In both Tunisia and Mozambique, we purposively selected 12-16 youth who have faced significant obstacles for mini-case studies to identify why some youth have succeeded despite obstacles and why others are struggling – and whether the interventions have anything to do with their success or lack of success. Targeting “extreme cases” to study is particularly useful for understanding complex phenomena, such as the relationship between PYD interventions and resilience, especially when the number of cases studies is limited (Patton, 2015).
In the case of Tunisia, significant obstacles include those that increase the vulnerability of youth to join violent extremist groups. Youth selected for mini-case studies have experienced or are still experiencing at least two of the push or pull factors that increase this vulnerability:
• Experiences with violence in the hands of security forces, domestic violence or abuse
• Economic despair or deprivation, e.g., long-term unemployment despite high levels of education
• Grievances due to feelings of injustice, e.g., repetitive unfair treatment by government institutions
• Lack of connection or feelings of not belonging, e.g., mismatch between youth aspirations and the values or expectations of the community or family
• Exposure to violent extremist groups, recruiters or radical ideology
In the context of Mozambique, project participants are orphans and vulnerable children (OVC) who were or continue to be experiencing one or more of the following factors:
• Chronic health issues (mental or physical)
• Extreme poverty
In both contexts, interviewers will ask questions about the following topics: youth experience with adversity and their sense of opportunity; youth perceptions of the impact of the intervention in their life; youth assessment of their own resilience; and access to protective factors such as supportive families, caring adults, schools, etc.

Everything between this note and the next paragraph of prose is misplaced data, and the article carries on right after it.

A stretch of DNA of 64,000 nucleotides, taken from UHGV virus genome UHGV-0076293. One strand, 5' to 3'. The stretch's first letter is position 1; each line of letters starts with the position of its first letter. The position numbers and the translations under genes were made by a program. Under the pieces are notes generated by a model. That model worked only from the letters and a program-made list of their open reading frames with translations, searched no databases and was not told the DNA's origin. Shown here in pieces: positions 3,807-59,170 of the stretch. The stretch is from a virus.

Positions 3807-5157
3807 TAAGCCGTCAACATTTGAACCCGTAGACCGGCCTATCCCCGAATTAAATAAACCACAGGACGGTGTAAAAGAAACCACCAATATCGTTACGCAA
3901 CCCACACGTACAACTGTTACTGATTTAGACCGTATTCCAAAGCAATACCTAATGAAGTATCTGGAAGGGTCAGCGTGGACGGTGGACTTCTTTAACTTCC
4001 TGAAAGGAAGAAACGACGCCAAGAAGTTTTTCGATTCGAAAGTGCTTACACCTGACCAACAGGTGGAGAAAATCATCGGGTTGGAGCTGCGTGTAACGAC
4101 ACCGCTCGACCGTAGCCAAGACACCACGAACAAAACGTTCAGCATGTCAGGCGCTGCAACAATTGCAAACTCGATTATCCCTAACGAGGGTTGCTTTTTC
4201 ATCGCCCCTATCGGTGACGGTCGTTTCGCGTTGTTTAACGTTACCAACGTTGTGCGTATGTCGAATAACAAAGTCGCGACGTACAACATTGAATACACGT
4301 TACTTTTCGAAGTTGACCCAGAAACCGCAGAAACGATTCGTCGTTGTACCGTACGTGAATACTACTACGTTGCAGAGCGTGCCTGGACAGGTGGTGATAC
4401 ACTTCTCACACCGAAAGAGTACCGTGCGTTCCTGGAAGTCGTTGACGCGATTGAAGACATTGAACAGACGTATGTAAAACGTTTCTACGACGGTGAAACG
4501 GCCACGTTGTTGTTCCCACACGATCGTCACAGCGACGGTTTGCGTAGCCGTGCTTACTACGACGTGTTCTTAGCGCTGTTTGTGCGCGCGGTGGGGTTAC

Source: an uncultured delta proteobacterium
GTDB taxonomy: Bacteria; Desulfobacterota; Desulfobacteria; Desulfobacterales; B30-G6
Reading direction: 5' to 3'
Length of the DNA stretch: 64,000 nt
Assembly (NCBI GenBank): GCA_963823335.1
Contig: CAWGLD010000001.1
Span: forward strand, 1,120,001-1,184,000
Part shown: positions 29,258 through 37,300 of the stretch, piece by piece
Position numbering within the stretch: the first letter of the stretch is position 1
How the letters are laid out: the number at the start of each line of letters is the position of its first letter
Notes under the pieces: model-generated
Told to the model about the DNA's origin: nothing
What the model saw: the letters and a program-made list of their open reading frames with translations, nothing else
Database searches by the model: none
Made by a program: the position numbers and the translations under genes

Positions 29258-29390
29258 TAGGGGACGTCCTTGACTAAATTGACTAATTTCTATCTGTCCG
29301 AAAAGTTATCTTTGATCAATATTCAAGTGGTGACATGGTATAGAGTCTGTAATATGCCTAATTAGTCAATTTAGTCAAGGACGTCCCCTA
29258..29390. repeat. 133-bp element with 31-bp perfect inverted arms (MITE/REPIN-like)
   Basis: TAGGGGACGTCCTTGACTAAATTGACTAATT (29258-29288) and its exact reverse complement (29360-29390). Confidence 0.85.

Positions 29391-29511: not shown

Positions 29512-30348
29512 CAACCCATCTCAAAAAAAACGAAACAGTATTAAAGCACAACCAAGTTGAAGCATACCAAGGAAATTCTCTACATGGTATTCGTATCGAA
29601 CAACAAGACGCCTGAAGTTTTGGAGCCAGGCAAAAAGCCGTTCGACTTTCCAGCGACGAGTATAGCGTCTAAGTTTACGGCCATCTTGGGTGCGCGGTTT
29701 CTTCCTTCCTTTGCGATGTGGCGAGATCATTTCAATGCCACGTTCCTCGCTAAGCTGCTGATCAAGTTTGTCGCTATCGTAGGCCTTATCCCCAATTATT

The study’s quantitative analysis will employ propensity score matching or entropy balancing, to estimate the effects of the interventions on youth resilience. We will use demographic characteristics such as gender, age, first language, ethnicity/religion, educational attainment, enrollment status, and socioeconomic factors like employment status, number of dependents, etc. to achieve balance between treatment and comparison groups. This type of analysis will not establish causal relationships between the intervention and outcomes. The analysis may find correlations that will help unpack a smaller group of possible mechanisms by which the interventions are affecting youth resilience.
Projects in the study
The two projects that serve as case studies for this research are the USAID Sharekna project in Tunisia under the Countering Violent Extremism in the Middle East and North Africa (CoVE-MENA) Task Order, and the Mozambique Programa Para O Futuro project under YouthPower Action.
The Sharekna project (Sharekna is Arabic for “participate with us”) is a 28-month pilot activity designed to mitigate drivers of violent extremism and strengthen resiliencies by targeting demographic groups and geographies that are vulnerable to violent extremist recruitment and radicalization. As a community and youth resilience program, Sharekna aims to change behaviors, improve capacities, relationships and actions in a dynamic, complex environment. In each of the four Sharekna target communities, two intertwined pathways will contribute to strengthen resilience: one focused on individuals (youth ages 14–29), and the other on the broader community, or community stakeholders. (Read about how Sharekna uses youth video diaries here.)
The Programa Para O Futuro project is a youth development and employability program designed to help orphans and vulnerable children (OVC) and youth ages 15–17. The intervention enables youth to gain an integrated set of employability and technical skills and improved basic education competencies so that they can build better futures through quality livelihoods, improved health and civic engagement. It also provides parent support groups that improve youth-parent communication and relationships, “e-mentors” and an internship to help build a professional network and positive adult role models and an opportunity to practice employability skills, and peer education and youth-led clubs to support youth to contribute to their communities.
We anticipate that our findings will help understand how interventions for youth that use a PYD approach affect youth resilience. Our research continues through September 2018 and we plan to have a completed manuscript by December 2018.
We will share our findings in future posts!